MANKATO — As far as Erin Henderson is concerned, there's never been a shadow for him to step out of.
While he may be following the path of his brother, E.J. Henderson, the Vikings' linebacker doesn't sweat the comparisons.
"I've never really looked at it like that," Erin Henderson said. "I felt there are bigger fish to fry than to try to get out of my brother's shadow. I mean my brother was a hell of a ball player; it's not that bad to (hear), 'You have similarities,' or, 'You guys do things in a like way and a like manner.' It's not a bad comparison to have."
The two brothers played together for four seasons, including 2010 when E.J. made the Pro Bowl. The older brother, a second-round draft pick has been out of football since 2011. The undrafted Erin, now in his sixth NFL season, is starting training camp as the Vikings' starting middle linebacker, a position E.J. patrolled for most of his career.
"I'm never going to be upset about (the comparison) or try to run away from it or try to hide from it or anything else," Erin said. "But at the same time you get to that point where you're like, 'OK, that's Erin out there making plays. Give Erin some credit for what Erin is doing.' It doesn't always have to come back to the big brother thing."
Henderson said his brother was a great help to him in the days in which they played together. He made it clear that he didn't necessarily follow E.J. to Minnesota; the Vikings were the team with the contract offer and the team that gave him the chance to play.
"It was great that I had a chance to come here and have somebody that could be a mentor to me and somebody that could look out for me on and off the field and kind of show me the ropes of how to be a professional and how to go about things without the other biases that go along with dealing with somebody that you're competing against or somebody you're fighting with for a starting spot ..." the younger Henderson said. "I think that was big for us and definitely huge for me as a person — as a man and as a football player."
In his first season without his brother around, Henderson started 10 games for the Vikings at outside linebacker and finished the season with a career-high 80 tackles in 14 games. He also had a career-high three sacks.
In the offseason, the Vikings moved him to the middle. He embraced the role, even adding a little weight — he's listed at 244 and said the Vikings don't want him over 248 — for the extra banging that goes on inside.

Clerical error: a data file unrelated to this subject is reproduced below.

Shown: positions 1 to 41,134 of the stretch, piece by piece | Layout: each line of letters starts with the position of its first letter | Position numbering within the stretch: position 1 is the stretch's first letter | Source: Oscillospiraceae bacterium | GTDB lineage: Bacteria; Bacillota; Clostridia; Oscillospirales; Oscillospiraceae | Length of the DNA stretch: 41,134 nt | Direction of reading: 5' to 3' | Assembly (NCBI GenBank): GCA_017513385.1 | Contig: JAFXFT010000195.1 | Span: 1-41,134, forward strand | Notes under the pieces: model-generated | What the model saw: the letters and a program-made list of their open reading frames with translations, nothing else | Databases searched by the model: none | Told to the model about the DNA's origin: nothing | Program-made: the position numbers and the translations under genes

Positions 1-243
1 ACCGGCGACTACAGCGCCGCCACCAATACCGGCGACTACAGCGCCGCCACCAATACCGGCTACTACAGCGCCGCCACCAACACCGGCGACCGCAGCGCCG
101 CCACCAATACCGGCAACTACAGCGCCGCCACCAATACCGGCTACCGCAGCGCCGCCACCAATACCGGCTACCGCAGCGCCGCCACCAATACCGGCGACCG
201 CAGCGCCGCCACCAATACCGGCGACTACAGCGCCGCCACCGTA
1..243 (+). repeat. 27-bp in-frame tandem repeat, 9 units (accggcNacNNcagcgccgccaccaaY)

The Vikings also added free agent Desmond Bishop, who was an inside linebacker for the Packers. However, Henderson remained in the middle, while Bishop is beginning camp on the outside.
Henderson said he wants to show that coach Leslie Frazier and the defensive staff made the right decision to put him — and keep him — in the middle.
"Coach Frazier, he's like a father figure to us," Henderson said. "A lot of times you look at your dad or see somebody you view in that way, you never want to let them down.
"So once he gives you that vote of confidence and he says, 'He's going to be our middle linebacker until otherwise or until something else happens,' I have to go out there and now it's my turn."
Frazier said Henderson shouldn't worry about who's behind him on the depth chart or who's along side him on the field. He needs to concentrate on his own game and the extra responsibilities that go with playing middle linebacker. And those are coming along nicely after a week of training camp, the coach said.
"He's done some impressive things," Frazier said. "He had some opportunities (Thursday) in our live scrimmage... to make some open-field tackles, and he did. I like the leadership that he's shown, and he's beginning to mature, I think, in that role."
Frazier said middle linebacker is considered an on-field extension of the defensive coordinator, and Henderson is learning to handle that part of it as well, including answering questions his teammates ask.
Perhaps he's the big brother on the field now.
"It's different than playing outside linebacker," Frazier said. "When you're the middle linebacker, everybody's looking at you for leadership. And I think he's grown into that role."